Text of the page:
Thursday, July 1, 2010

Books I read June 2010

Alastair Reynolds-Thousandth Night/Minla's Flowers
Subterranean Press released these two novellas back-to-back in the fashion of the old Ace double novels. Finish one, flip it over, and start the next. In my humble estimation, Reynolds is the best sci-fi writer going today, albeit I don't read
a ton of sci-fi. In these two stories Reynolds is in solid from. Thousandth Night is the genesis of Reynolds' novel House of Suns. In Minla's Flowers Reynolds shows mankind, even under the threat of annihilation, unable to work together to
resolve our issues. Good stuff.

Jonathan Lethem-The Wall of the Sky, the Wall of the Eye
This is the first book I have read by Lethem, and I after finishing this collection of short stories I think I would like to try one of his novels. These stories were strange and insightful, not quite gripping, but very entertaining nonetheless.

Joe Gores-Spade & Archer The Prequel to Dashiell Hammett's The Maltese Falcon
My mom knows I love vintage crime novels, so when my wife and I were going out of town, and she came over to get her grandsons, she gave me this book to read on the trip. I was dubious at first. I can be snobbish about books, film, and music (my friends all know this) and this 'contemporary' crime novel didn't really fit into my idea of the classic crime oeuvre. But, being the dutiful son, and not wanting to seem unappreciative, I read the damn thing. It was pretty good after all. I'm not going to go out and get any more Gores novels, but the overall effect of this book was a positive one.
Various-The SFWA European Hall of Fame
This collection of sci-fi short stories features 16 stories from across the European continent. I was not familiar with a single contributor to this book, but it was a fantastic read. I really enjoy short story collections and this was as eclectic and varied, yet strong in quality, as they come. Not one of these stories was a bomb and all of them were quite entertaining. I have my eyes open for a number of these writers now, and hope I can stumble across some other volumes of their work.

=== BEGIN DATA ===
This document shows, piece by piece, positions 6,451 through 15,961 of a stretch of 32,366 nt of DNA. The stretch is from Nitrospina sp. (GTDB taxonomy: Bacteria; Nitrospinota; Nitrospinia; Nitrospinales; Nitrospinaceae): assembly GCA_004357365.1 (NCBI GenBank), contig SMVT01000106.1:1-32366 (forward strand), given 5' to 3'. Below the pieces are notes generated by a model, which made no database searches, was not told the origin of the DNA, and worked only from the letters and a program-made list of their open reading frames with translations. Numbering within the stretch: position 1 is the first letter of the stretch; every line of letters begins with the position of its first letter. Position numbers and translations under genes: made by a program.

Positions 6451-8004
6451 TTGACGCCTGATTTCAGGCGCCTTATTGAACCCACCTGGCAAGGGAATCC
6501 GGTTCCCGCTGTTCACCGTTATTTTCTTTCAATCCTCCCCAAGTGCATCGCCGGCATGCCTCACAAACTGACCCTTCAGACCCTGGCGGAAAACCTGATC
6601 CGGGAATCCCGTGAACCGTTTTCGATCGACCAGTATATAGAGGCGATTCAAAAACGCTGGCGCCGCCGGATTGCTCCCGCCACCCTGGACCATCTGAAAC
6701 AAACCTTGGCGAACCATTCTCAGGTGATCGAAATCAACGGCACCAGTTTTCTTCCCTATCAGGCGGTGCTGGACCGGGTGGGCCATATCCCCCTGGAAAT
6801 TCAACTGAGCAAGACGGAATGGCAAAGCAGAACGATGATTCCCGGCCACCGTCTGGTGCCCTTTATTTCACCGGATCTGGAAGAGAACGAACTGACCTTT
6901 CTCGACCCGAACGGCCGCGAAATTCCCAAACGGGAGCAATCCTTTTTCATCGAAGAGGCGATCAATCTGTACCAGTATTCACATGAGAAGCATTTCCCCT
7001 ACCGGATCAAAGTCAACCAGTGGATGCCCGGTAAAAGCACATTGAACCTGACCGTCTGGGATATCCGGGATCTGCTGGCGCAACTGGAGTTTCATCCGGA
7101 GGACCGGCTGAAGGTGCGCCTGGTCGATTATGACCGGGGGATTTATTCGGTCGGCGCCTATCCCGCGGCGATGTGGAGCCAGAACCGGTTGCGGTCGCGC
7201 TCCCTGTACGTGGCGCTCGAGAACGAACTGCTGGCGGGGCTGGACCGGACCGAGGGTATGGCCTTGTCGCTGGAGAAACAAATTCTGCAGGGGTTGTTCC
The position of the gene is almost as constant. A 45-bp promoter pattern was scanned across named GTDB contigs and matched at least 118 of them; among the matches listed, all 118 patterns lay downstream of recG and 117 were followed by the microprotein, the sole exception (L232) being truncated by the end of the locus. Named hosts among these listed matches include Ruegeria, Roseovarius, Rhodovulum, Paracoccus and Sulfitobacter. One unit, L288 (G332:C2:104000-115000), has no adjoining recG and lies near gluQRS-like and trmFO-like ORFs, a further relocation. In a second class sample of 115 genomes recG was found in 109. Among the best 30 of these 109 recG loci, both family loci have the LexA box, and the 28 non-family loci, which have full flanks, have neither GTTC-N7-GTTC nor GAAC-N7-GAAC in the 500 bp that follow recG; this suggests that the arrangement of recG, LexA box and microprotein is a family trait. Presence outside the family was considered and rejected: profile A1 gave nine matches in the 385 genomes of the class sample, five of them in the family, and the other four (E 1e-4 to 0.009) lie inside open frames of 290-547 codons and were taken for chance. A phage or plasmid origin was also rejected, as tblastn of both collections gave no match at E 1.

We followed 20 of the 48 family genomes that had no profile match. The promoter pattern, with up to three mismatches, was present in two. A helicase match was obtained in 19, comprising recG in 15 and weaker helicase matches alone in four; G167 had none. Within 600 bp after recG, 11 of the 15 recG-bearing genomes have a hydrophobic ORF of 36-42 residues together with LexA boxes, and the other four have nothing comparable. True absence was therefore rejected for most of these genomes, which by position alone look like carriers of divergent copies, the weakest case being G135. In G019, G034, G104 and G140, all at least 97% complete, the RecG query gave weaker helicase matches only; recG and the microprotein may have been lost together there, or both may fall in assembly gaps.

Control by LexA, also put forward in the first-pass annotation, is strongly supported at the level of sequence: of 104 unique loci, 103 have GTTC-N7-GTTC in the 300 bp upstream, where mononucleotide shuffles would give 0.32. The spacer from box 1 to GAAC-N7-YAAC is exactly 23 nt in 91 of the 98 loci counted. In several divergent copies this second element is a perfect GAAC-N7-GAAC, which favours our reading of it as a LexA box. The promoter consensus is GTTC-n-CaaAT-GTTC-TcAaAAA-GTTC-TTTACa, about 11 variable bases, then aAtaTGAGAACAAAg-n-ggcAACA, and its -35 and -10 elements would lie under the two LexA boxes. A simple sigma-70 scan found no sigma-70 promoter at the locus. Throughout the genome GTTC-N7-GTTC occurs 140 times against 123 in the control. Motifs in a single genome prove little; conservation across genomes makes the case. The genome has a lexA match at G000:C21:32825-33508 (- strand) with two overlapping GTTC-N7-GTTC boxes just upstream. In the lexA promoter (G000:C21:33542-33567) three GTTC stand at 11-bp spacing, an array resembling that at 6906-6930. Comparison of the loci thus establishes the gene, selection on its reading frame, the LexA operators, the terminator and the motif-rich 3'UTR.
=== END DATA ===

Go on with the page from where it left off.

Alexandre Dumas-Georges
If you've read these posts before, then you know I love Dumas. When I saw that Modern Library was releasing this I was very excited. I finally got a copy and was not disappointed. If you've never read Dumas this novel of pride and racial inequality is probably not the place to start, but for the well-read lover it is like sweet music. I guess you can tell I enjoyed it.
Stephen King-Blockade Billy
It is hard giving up something that has been with you through thick and thin. I have been reading Stephen King since middle school, trust me, a long time ago, and even though I haven't really loved a novel of his since, hmmmmm, hold on, let me think...since I don't know when, I still read everything he publishes. I don't buy them anymore, but get them from the library, I've learned that much. Blockade Billy is a short somewhat grisly story about baseball. There is also a second story included called Morality, a...correct! moral fable. Again King can still keep my interest, he was pushing it though with Under The Dome, but just.
Stanislaw Lem-The Futurological Congress
In this slim volume Lem imagines a future society where drugs and hallucinogenics are more real, or at least more appealing, than reality. Lem is one of my favorite writers, but this was not his strongest work. Read it after you've read The Cyberiad and others.
Robert Kirkman-Invincible Vol. 1 Family Matters
I like a good graphic novel, and am an avid follower of Kirkman's Walking Dead series (looking forward to the AMC series), so when I came across a cheap copy of volume one of Invincible I thought I'd give it a try. Nice, easy, entertaining, unchallenging read that I will follow assuming I can continue to find used copies.
Zoran Zivkovic-Steps Through the Mist
This is my first book by Serbian fantasist Zivkovic and I'd like another please. This collection of stories are linked thematically by the idea of the future, the mist of the title, and the possibilities it holds.
William Beckford-Vathek
Another seminal work of the gothic tradition. Beckford's arabesque is essential if you are a fan of the gothic novel. Other readers will probably find it boring and melodramatic.

See you next month.

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